Unmanned aerial vehicles, or drones, are shooting movies, spraying crops, delivering pizza, and performing dozens of other jobs across many industries. For mobile network operators, this could represent a major opportunity, and radio equipment vendors want to be ready.
“With new applications every day, I think this is a potential business opportunity for mobile operators,” said Xingqin Lin, wireless researcher and 3GPP delegate at Ericsson Labs. “Mobile networks stand ready for authenticating, monitoring and controlling these UAVs by providing wide area connectivity and also helping with UAV identification and registration.”
Drones present challenges to existing LTE networks, Lin said. In the air, interference is higher and resource utilization is lower than it is on the ground.
On cell towers, base station antennas tilt down, so drones that fly above the height of the tower are automatically at a disadvantage. In addition, drones may face more interference than ground-based devices, Lin said.
“Compared to terrestrial propagation, propagation in the sky is more close to line-of-sight free space propagation,” Lin said. So a UAV may receive more interference from neighboring base stations than a smartphone would, and it may also interfere with neighboring base stations when it transmits data back to the closest tower.
At the Texas Wireless Summit at the University of Texas, Lin showed results of tests Ericsson has conducted with drones flying at different heights. He showed the signal to noise ratios and the downlink coupling gain distributions at ground level, at 40 meters (five meters above the base station antenna) and at 120 meters, which is close to the highest altitude allowed for drones by the Federal Aviation Administration. SINR was always higher for the ground-based equipment, but downlink coupling gain was sometimes higher for the drones. Downlink coupling gain is antenna gain plus channel gain. Lin said antenna gain was always higher for the ground-based equipment, but channel gain helped make up for that with the drones because of line-of-sight propagation.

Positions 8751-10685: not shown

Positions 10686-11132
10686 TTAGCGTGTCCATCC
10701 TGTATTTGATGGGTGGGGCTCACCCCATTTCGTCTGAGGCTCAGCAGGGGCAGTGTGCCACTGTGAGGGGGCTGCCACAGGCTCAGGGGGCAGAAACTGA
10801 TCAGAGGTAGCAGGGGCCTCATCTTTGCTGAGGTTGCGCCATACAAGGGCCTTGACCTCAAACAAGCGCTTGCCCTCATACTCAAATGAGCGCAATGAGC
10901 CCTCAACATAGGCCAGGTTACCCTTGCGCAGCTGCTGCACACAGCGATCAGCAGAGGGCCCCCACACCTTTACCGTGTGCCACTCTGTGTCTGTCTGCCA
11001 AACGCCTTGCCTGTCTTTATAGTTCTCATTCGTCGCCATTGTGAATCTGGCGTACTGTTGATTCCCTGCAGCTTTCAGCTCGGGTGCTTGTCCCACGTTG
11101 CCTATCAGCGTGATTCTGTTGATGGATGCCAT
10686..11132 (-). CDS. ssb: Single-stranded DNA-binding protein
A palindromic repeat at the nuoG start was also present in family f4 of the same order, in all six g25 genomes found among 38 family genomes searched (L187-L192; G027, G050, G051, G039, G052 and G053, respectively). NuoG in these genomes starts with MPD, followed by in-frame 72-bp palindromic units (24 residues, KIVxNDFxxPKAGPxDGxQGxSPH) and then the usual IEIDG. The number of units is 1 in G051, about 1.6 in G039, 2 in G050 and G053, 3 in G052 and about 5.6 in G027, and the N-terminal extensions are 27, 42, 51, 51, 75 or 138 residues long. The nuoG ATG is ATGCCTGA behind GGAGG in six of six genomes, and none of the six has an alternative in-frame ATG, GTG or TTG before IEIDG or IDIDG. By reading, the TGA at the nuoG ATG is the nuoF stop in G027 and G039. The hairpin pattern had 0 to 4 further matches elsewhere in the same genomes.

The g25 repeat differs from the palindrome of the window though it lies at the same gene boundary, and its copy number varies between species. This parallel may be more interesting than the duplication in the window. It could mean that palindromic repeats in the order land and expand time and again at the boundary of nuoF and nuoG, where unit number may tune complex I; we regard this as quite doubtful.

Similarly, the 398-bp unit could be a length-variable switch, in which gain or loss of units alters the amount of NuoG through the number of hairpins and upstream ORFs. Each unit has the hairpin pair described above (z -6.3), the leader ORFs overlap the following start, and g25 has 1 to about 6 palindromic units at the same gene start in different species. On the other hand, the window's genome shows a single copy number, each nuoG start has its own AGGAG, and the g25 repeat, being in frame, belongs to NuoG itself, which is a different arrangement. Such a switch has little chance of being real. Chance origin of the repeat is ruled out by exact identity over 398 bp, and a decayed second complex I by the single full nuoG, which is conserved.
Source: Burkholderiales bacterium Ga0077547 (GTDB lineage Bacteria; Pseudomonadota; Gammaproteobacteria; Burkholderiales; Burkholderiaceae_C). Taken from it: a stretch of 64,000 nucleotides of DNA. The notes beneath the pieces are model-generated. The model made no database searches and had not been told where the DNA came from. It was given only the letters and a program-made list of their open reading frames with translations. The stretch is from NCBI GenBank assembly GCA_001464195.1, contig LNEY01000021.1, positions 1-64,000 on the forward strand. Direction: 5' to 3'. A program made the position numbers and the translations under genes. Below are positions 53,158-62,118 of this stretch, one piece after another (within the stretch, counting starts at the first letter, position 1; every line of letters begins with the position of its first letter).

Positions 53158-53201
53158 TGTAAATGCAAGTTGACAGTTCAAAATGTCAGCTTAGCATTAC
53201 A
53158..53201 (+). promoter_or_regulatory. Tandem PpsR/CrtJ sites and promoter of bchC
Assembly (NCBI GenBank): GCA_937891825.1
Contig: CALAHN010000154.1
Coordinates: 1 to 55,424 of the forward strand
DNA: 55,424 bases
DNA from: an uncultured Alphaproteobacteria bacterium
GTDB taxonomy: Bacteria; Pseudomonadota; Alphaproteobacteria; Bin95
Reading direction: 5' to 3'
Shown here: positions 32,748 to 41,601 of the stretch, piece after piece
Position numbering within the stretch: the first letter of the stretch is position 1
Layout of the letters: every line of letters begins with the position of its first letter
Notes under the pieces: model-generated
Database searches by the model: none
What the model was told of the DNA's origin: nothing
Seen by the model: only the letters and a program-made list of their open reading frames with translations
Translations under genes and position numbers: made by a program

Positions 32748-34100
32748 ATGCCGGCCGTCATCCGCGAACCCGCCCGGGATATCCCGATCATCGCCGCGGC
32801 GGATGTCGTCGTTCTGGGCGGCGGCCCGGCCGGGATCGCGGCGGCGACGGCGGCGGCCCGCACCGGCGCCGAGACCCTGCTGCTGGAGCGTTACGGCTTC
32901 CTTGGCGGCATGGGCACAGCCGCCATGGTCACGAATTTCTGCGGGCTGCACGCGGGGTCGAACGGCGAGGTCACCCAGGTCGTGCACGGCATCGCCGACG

Overall, Lin said signal quality is less consistent in the air than it is on the ground, because of antenna downtilt and interference. Nonetheless, he believes existing LTE networks can support drones, and the outlook will only get better as next-generation technology rolls out.
“With performance-enhancing technologies and 5G, we can provide more efficient connectivity for UAVs,” Lin said.
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